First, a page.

With the discovery of the structure of DNA, it became clear how much personal information DNA contains. DNA also plays a role in inherited disorders. The knowledge about these disorders and about how to treat them is increasing over time. It enables us to prevent the manifestation of some disorders or prevent severe symptoms through timely treatment. But screening and diagnostic DNA techniques also raise several personal and ethical dilemmas, about the limits of medical care, disclosure of genetic information, and personal future decisions.
Furthermore, DNA techniques are not only used to diagnose people with disorders. For several years techniques have been developed to diagnose unborn children with severe disorders to enable parents to terminate their pregnancy. Moreover, new techniques enable the modification of DNA to prevent hereditary disorders in future generations. These possibilities raise ethical questions about their acceptability and their consequences.
DNA, or deoxyribonucleic acid, contains all the information necessary to build and maintain processes in humans and almost all organisms. DNA also serves as the primary unit of heredity in organisms of all types. When organisms reproduce, parts of their DNA are passed along to their offspring. An abnormality in DNA, or mutation, can cause a disorder or increase the chance of a disorder. Some disorders are manifested directly after birth, others in later life.
Hereditary diseases can be passed on from parent to child. Here we immediately have the problem of hereditary diseases. If (one of the) parents has such a disease, their child can also get it. You don’t have to be ill to pass on a hereditary disease. Some parents are healthy, but “carry” a mutation, a change (often harmful) in DNA. When two healthy parents pass a harmful mutation, their child may still develop the disease.
Some hereditary diseases can be treated, for example, with a special diet or by taking medication. But for many genetic diseases, no sufficient treatment has yet been developed. That’s why a lot of research is being done on developing new treatments. One of the new treatments developed is gene therapy. Gene therapy restores a harmful change (a mutation) in the DNA. The DNA is then adjusted so that the disease disappears. A new biotechnological tool that is used for this is CRISPR-Cas (see figure).
DNA can be modified in body cells. But in theory, it is also possible to modify DNA in the human embryo. We call this germline gene therapy or germline gene editing. If the editing of the DNA in the embryo succeeds, then this person will be rid of the disease for the rest of his life. And not only that: It is possible that (grand)children will not get the hereditary disease either. As of now, the techniques have not proven to be safe to apply to humans.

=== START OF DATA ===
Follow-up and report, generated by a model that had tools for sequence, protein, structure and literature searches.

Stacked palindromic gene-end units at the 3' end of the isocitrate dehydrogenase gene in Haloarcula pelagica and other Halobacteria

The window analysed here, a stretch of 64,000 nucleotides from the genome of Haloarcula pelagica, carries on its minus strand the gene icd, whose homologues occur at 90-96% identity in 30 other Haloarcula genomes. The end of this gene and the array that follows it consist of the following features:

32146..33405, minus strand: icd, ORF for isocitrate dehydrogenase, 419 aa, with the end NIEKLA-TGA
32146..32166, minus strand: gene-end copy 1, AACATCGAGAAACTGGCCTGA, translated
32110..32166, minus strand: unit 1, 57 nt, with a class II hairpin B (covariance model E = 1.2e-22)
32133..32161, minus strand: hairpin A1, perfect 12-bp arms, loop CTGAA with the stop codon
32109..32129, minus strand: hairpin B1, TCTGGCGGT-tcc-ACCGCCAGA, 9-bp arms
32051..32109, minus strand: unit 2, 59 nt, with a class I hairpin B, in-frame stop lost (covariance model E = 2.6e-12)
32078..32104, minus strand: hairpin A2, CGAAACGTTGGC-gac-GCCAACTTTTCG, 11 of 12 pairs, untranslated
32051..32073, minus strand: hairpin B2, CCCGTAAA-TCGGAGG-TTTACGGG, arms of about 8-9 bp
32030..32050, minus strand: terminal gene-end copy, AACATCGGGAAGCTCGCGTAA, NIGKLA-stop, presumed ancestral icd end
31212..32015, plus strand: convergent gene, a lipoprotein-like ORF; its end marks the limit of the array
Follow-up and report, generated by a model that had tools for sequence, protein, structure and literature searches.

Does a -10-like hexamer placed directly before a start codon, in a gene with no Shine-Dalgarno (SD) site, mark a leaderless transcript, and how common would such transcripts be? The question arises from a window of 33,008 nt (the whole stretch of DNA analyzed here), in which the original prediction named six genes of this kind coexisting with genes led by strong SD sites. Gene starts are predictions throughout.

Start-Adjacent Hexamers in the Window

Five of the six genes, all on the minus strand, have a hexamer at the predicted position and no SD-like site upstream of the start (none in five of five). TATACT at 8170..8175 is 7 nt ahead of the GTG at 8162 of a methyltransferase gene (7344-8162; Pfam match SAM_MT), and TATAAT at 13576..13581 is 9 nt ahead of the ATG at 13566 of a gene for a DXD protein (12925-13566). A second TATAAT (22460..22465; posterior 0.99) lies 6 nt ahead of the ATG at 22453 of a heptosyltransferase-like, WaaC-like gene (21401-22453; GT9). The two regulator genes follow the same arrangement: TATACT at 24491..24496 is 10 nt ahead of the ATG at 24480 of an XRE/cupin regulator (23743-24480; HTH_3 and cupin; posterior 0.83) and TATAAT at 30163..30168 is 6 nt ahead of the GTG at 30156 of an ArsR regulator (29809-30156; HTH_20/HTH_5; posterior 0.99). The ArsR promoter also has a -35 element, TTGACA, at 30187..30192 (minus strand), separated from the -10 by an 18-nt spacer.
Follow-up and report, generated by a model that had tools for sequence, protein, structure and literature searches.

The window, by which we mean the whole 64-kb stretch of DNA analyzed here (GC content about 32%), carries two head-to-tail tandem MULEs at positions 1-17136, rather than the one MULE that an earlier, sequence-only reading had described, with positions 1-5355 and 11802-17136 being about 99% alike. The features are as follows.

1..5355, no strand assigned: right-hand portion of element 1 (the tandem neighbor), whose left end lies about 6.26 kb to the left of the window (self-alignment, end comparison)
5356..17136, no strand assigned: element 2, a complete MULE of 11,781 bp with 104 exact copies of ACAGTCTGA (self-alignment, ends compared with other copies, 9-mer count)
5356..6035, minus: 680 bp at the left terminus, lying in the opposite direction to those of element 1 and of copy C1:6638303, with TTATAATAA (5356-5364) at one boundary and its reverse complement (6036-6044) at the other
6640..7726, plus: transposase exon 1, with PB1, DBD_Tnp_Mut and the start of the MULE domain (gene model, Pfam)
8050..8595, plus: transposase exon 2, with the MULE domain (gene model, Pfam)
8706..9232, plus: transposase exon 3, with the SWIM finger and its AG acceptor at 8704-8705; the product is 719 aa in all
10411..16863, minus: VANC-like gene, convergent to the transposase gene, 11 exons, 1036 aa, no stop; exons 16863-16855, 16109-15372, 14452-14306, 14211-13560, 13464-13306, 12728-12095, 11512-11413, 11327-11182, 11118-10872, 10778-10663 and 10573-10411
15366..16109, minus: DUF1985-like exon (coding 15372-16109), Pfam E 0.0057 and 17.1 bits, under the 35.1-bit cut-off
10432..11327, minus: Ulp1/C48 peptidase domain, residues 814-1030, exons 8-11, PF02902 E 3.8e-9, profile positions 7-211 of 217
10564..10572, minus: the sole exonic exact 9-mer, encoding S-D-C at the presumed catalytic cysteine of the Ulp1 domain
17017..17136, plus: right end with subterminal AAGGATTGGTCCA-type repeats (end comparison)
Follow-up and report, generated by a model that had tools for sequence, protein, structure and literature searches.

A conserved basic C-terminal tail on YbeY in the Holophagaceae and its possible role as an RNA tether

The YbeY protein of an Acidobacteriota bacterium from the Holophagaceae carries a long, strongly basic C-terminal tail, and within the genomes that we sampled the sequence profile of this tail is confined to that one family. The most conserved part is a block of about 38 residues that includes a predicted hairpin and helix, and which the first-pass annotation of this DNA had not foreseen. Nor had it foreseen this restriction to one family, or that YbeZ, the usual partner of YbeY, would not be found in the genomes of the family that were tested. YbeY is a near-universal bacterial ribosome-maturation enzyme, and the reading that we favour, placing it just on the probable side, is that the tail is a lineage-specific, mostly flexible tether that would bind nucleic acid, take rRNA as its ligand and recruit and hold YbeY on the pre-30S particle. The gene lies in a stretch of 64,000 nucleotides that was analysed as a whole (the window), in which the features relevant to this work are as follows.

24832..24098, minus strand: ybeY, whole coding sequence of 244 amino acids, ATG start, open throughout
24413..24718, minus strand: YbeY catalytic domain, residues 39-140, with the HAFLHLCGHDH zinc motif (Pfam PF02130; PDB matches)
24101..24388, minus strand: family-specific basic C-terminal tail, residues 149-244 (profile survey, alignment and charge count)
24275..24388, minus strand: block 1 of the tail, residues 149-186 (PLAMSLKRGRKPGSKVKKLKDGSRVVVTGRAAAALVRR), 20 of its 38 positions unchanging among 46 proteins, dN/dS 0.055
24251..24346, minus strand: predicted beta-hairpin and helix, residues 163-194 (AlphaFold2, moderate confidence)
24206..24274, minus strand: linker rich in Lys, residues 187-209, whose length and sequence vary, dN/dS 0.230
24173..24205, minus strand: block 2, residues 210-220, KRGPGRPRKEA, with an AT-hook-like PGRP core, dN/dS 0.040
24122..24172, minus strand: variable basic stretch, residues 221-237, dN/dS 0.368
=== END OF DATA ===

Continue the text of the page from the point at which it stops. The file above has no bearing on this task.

Every life is valuable, with or without disabilities. People with genetic disorders should receive support and care, even when they or their parents did not have a genetic test. Our life is in God’s hands. Some people think that DNA tests are at odds with God’s providence. They do not want to know in advance whether they have a hereditary disease. Therefore, the right not to know about genetic disorders is very important and should be guaranteed.
From the principle that every life should be protected, the NPV believes it is important that DNA tests serve this aim. The NPV thinks that a line is crossed when DNA tests lead to ending life prenatally or to selection of embryos. DNA can be a good choice for personal health or well-being, but it is important to guarantee solidarity and justice with people who make different choices to accept or decline certain genetic tests.
In the research phase of developing techniques for (germline) gene editing it is necessary to create embryos for research. The NPV opposes this step because an embryo is the start of a human life and not just material which can be used for research. Furthermore, the created embryo will not develop further as a human being but will be destroyed afterwards.
Another dilemma is that currently there are already insufficient egg cells to fulfil the reproductive wishes of women who cannot become pregnant themselves. Creating new embryos, for which egg cells are necessary, will exacerbate this scarcity.
The NPV think that information provision is of primary importance to make personal and well-considered decision about genetic testing, especially because these tests also have disadvantages.
The NPV have designed decision aids (in Dutch) to support decision-making regarding:
The NPV also has developed several information leaflets: